Once again, comedian and new host of The Late Show Jimmy Fallon adopted the Barbershop art form to deliver a rendition of what could perhaps be described as the LAST song you would consider "well-suited for Barbershop". But nonetheless, the Ragtime Gals starring Jimmy Fallon and his band of merry mates expertly executed a four-part a cappella close-harmony rendition of the R. Kelly classic "Ignition (Remix).
(To save time for the author, the previous Ragtime Gals article's main content has been lifted and republished here, simply because, hey, it still applies!)
Honestly, to see our Barbershop style treated with such bold and fearless irreverence is nothing new to anyone who’s been around for the past half century or so. Those who hold this art form near and dear, time and again have seen the likes of the Beatles, Jerry Lewis, the Simpsons, Family Guy, David Letterman, and Conan O’Brien (just to name a few) reach for the low hanging fruit of comedic juxtaposition and attempt to frame the modern against the old. Painting a mustache on the Mona Lisa, if you will.
However, questions of taste and style notwithstanding, The Rag Time Gals and others like them are ironically proving to the world the inherent entertainment value of joining together in four part harmony and delivering a message, vulgar or not. It’s Vaudeville, today. And either to the joy or dismay of our Society membership, it’s being presented to the world as barbershop, and right or wrong, television audiences are accepting that it is, indeed, barbershop.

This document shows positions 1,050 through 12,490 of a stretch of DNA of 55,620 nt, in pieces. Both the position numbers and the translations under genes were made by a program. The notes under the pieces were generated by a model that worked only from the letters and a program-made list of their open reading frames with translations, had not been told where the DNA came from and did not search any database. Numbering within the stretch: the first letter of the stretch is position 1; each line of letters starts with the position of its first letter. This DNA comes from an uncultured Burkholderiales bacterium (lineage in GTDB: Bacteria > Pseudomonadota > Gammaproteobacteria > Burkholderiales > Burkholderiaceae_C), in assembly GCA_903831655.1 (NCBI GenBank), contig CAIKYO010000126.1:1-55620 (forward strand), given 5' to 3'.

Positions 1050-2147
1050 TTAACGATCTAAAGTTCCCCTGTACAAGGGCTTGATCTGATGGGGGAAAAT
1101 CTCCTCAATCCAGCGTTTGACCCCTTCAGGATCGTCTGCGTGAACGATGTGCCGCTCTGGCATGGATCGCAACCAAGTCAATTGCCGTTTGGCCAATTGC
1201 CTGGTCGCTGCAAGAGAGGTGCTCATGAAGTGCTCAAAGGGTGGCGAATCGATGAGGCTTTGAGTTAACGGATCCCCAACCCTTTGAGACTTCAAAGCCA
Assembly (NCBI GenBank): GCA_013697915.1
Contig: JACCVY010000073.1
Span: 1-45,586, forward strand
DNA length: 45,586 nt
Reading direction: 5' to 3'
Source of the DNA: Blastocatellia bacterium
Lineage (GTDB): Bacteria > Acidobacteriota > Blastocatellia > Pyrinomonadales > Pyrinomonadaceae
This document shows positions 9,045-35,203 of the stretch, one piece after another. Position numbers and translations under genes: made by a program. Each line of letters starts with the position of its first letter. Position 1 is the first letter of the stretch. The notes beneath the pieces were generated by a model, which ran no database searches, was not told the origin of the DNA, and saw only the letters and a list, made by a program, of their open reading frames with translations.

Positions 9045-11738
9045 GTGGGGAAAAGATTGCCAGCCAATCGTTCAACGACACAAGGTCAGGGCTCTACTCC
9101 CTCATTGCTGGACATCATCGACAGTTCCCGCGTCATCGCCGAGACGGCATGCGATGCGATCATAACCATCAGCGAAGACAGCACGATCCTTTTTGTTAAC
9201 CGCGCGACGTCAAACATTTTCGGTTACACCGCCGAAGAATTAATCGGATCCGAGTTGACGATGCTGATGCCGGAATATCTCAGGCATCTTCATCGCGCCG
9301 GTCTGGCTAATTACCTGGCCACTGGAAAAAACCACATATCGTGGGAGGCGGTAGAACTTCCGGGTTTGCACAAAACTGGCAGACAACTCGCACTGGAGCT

So, important questions impossible to answer in the small space of this meager editorial get raised: Is barbershop simply an art form? Is it a set of values and ideals? For the lifelong fans and committed members of the Barbershop Harmony Society, it’s probably both and much more. But then there’s the harsh realization that to the vast majority of the uninitiated masses, Barbershop is a rag tag group of lowbrow comedians singing Barbershopped R&B music in top hats and suspenders.
The good news is that they sounded pretty good while doing it.
But the even better news is that the Barbershop Harmony Society has been bringing together the Old and New for over 75 years, and we’ve gotten really good at it! One visit to any of our International conventions will prove this to anyone, and the more people that have the chance to see Barbershop through this lens will begin to understand not just the smile-inducing power of four part harmony, but its trans-formative power to change lives for the better.